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Pushing the Lever

Yes, You Can Stop

The New York Times published an interesting piece in September about a researcher curious about cocaine use who paid addicts to come into his lab and smoke coke all day long. The first time he performed this experiment, he offered pharmaceutical-quality coke and a salary of $950 for staying at a lab over a period of several weeks and getting high. Later, he repeated the experiment offering the same deal to people sidelined by methamphetamine addiction. The research was done by Dr. Carl Hart and described in his book, High Price.

In both experiments, Hart discovered that much depended on the size of the initial daily dose of dope. His subjects were blindfolded when the dope was given out so they couldn’t see how much they got. If he gave people a large amount of dope, they were happy to stay in the lab all day long and get high. If they received a smaller chunk in their pipes, they were more likely to take the researcher up on his various offers—five bucks to skip the next dose or a cash voucher good at the local store.

Then Dr. Hart increased the amount of the reward to $20, and everybody, whether they were smoking meth or crack, opted out of the dope and took the money. So what did he conclude from these experiments? He believed that people were addicted to the drug life, and not necessarily to the drug.

Sure, he said, rats in a lab will keep pressing the lever for heroin or cocaine or whatever if that’s all they have to do all day. People who live in crime-infested neighborhoods, with memories of parents beating them when they grew up or knowing friends and family members who died from drugs will go for the drugs because they think there is no other life.  Dr. Hart believed that if you gave people options, they would quit pressing the lever and move on to better things than drugs.

Many researchers disputed this scientist’s work, because it flew in the face of everything we know about the way drugs impact the brain’s reward center. Nobody can deny that people get deeper and deeper into addiction when their body develops a scientifically undeniable tolerance to a medication and it takes more of it just to maintain a high.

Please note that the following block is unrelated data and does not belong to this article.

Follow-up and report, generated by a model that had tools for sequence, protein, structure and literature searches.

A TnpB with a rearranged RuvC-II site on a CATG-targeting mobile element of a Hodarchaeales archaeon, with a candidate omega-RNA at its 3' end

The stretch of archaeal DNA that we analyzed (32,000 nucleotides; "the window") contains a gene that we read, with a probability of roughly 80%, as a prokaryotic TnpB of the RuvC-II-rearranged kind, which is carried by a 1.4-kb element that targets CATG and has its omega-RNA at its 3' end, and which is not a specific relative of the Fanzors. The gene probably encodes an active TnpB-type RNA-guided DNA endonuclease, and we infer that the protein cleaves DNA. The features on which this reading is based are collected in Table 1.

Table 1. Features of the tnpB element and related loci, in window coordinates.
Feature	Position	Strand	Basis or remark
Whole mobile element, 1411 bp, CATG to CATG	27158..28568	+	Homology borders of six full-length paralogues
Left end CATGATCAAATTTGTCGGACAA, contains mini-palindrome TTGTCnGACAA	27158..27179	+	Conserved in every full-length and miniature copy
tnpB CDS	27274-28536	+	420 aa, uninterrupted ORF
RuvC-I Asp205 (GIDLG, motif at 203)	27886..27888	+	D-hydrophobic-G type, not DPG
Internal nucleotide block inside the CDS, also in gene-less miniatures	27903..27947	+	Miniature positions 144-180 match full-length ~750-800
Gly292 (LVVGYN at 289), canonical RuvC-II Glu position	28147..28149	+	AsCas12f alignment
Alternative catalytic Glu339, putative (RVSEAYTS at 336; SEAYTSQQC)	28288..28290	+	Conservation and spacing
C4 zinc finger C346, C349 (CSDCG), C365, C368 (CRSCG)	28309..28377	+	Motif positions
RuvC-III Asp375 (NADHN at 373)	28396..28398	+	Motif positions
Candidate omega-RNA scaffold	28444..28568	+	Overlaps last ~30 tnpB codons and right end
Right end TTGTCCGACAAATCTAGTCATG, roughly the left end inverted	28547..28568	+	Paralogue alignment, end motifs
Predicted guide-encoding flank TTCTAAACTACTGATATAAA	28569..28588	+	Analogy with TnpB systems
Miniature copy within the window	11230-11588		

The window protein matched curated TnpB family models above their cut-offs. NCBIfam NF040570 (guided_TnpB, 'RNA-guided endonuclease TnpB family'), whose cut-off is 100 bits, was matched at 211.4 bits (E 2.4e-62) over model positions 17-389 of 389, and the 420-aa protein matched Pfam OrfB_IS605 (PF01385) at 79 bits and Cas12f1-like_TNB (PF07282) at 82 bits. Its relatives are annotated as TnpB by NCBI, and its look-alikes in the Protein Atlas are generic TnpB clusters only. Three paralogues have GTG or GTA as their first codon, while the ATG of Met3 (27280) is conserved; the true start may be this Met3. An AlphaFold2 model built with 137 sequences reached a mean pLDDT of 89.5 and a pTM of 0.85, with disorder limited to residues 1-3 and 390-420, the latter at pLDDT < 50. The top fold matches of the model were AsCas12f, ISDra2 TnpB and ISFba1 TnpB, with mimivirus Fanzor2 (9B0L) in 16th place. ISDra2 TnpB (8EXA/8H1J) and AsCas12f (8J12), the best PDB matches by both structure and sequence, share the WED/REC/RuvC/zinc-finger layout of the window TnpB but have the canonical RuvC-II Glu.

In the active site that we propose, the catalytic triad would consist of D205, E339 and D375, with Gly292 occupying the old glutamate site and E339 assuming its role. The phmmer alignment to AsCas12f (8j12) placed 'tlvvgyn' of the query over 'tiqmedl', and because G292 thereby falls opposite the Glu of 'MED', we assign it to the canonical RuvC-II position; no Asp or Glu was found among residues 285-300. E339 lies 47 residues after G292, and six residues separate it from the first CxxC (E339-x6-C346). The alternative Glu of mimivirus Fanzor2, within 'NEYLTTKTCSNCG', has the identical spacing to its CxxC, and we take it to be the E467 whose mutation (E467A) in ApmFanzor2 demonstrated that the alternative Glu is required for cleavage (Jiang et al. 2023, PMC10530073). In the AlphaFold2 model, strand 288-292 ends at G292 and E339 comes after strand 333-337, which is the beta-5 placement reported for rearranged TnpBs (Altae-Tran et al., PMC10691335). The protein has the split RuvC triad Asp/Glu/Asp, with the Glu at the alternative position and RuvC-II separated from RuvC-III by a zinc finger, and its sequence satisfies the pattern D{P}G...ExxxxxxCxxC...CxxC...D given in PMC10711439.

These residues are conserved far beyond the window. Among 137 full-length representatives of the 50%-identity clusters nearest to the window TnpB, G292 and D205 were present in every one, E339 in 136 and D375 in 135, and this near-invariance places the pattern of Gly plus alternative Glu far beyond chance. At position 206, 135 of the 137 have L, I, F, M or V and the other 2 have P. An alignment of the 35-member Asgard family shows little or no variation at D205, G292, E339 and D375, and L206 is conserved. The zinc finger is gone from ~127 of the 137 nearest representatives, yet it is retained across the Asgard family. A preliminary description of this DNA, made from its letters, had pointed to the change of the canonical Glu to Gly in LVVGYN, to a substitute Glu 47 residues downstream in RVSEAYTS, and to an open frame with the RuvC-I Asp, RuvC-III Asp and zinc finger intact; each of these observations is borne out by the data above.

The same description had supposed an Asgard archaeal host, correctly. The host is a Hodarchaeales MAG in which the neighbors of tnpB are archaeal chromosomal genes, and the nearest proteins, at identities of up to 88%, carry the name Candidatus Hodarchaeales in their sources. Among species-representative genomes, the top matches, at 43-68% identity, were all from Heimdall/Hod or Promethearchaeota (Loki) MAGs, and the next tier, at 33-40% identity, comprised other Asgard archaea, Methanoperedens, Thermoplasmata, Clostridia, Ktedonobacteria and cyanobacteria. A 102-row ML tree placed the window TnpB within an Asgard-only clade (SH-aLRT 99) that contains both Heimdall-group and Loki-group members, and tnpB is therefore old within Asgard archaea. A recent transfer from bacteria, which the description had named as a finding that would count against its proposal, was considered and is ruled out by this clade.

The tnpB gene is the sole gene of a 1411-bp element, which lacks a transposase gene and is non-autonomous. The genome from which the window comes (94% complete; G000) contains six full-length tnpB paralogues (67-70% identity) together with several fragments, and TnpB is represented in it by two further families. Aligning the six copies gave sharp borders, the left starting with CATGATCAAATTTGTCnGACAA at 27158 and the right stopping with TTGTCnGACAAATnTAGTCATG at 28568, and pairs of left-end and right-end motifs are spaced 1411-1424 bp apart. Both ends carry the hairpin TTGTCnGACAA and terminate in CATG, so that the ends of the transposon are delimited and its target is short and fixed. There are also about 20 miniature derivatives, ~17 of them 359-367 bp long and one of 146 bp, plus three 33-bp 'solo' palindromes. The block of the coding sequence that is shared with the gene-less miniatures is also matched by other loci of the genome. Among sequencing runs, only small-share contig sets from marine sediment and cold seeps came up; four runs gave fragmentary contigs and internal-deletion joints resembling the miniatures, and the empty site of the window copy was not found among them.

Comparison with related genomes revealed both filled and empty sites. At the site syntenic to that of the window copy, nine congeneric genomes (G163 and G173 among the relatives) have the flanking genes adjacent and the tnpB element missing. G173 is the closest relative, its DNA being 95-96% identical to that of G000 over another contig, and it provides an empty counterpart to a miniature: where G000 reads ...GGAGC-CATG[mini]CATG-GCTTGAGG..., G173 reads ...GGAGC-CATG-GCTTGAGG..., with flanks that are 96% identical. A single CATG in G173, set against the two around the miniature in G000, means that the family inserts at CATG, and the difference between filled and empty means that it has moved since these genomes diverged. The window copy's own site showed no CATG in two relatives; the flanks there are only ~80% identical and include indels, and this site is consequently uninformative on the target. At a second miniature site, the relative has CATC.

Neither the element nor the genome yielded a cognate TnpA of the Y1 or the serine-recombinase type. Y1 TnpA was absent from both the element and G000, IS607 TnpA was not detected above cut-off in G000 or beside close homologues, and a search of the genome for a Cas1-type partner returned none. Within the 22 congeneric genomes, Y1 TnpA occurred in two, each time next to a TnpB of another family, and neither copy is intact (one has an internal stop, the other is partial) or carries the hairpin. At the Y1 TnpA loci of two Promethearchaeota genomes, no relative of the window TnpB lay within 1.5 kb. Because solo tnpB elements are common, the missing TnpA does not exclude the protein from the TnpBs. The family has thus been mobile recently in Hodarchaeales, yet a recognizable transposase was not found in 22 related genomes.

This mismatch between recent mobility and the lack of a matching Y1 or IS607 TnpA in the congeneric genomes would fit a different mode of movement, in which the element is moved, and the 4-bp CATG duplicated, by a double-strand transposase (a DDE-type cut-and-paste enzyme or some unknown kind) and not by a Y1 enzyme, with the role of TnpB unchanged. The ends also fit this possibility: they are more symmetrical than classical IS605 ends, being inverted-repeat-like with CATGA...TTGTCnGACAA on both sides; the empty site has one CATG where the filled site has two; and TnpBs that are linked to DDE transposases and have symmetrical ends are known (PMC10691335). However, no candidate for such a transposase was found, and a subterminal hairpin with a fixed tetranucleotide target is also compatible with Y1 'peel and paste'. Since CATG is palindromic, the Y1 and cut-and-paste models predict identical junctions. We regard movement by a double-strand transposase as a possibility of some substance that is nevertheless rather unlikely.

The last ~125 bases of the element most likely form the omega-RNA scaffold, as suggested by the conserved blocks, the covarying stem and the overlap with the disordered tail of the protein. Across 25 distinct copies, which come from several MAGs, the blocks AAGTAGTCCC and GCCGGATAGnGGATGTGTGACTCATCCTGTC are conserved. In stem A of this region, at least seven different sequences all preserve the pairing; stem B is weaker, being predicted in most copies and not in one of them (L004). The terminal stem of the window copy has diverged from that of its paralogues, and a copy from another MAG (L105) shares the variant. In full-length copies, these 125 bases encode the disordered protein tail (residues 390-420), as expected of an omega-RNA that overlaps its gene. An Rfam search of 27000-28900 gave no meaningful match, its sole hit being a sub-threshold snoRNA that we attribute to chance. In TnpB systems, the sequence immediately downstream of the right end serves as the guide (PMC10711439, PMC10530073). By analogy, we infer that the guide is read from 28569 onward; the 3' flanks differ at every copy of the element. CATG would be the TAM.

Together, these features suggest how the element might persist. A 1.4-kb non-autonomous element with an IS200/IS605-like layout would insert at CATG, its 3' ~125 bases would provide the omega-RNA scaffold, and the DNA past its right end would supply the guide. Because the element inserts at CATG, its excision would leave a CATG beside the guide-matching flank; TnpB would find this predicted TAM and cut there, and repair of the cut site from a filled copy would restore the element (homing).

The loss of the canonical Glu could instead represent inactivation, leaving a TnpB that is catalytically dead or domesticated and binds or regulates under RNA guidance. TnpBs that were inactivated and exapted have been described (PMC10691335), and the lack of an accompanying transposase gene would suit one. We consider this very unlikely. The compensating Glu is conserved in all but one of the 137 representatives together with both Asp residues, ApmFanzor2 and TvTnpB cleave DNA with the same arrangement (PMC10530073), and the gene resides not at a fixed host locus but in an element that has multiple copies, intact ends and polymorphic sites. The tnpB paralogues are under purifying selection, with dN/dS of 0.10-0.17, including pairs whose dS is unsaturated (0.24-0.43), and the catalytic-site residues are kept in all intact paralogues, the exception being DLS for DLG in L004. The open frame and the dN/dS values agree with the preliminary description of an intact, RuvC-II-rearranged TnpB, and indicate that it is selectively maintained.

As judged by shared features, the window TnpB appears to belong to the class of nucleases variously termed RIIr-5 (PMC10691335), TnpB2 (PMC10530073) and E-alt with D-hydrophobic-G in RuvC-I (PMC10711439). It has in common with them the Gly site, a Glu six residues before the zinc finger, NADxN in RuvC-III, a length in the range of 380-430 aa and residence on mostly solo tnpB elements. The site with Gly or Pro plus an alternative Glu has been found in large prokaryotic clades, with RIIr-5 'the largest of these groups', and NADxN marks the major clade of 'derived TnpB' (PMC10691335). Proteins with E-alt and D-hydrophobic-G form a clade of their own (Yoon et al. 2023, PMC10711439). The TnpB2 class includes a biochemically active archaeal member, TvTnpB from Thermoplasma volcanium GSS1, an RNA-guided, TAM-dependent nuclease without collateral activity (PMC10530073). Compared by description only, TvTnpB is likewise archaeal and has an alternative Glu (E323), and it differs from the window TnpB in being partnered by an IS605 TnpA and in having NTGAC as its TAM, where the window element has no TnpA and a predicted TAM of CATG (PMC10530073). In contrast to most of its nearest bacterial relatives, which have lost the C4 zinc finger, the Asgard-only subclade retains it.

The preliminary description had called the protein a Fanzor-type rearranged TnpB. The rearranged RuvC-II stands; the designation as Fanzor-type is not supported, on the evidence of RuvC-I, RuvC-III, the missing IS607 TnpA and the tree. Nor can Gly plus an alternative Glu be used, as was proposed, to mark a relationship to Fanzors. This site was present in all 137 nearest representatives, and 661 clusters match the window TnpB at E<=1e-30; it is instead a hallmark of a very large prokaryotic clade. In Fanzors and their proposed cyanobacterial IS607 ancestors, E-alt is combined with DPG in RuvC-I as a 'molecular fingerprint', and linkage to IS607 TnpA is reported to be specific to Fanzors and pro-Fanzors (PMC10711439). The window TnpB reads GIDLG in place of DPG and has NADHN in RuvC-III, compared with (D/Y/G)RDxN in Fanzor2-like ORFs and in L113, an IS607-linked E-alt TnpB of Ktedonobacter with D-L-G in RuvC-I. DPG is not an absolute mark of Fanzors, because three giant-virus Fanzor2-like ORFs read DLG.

There’s something to be said for both sides of this theory. Some people turn to drugs because they are stymied by how to make their lives work. Some people can’t make their lives work because they can’t get past the drugs. It’s kind of like the chicken and the egg.

The reality is that if you’ve been stuck in the rut of cocaine use or other drug addiction, no matter how you got there, you need to find out what you’re missing in life. What did you used to be good at? What were the things you enjoyed before you spent so much time finding the next fix? No matter what your drug of choice, once you remember what your original dreams were, you can find out how to start living life again. A rehab center that offers counseling in combination with other therapies—movement therapy, psychodrama, acupuncture, and so forth—can help a person get not just his body but also his mind moving again.

If you can’t stop using despite the time and energy it takes to get high, no matter how many times you’ve tried to quit, then you need some help. Call your local substance abuse treatment center to find out how you can stop pressing the lever. 

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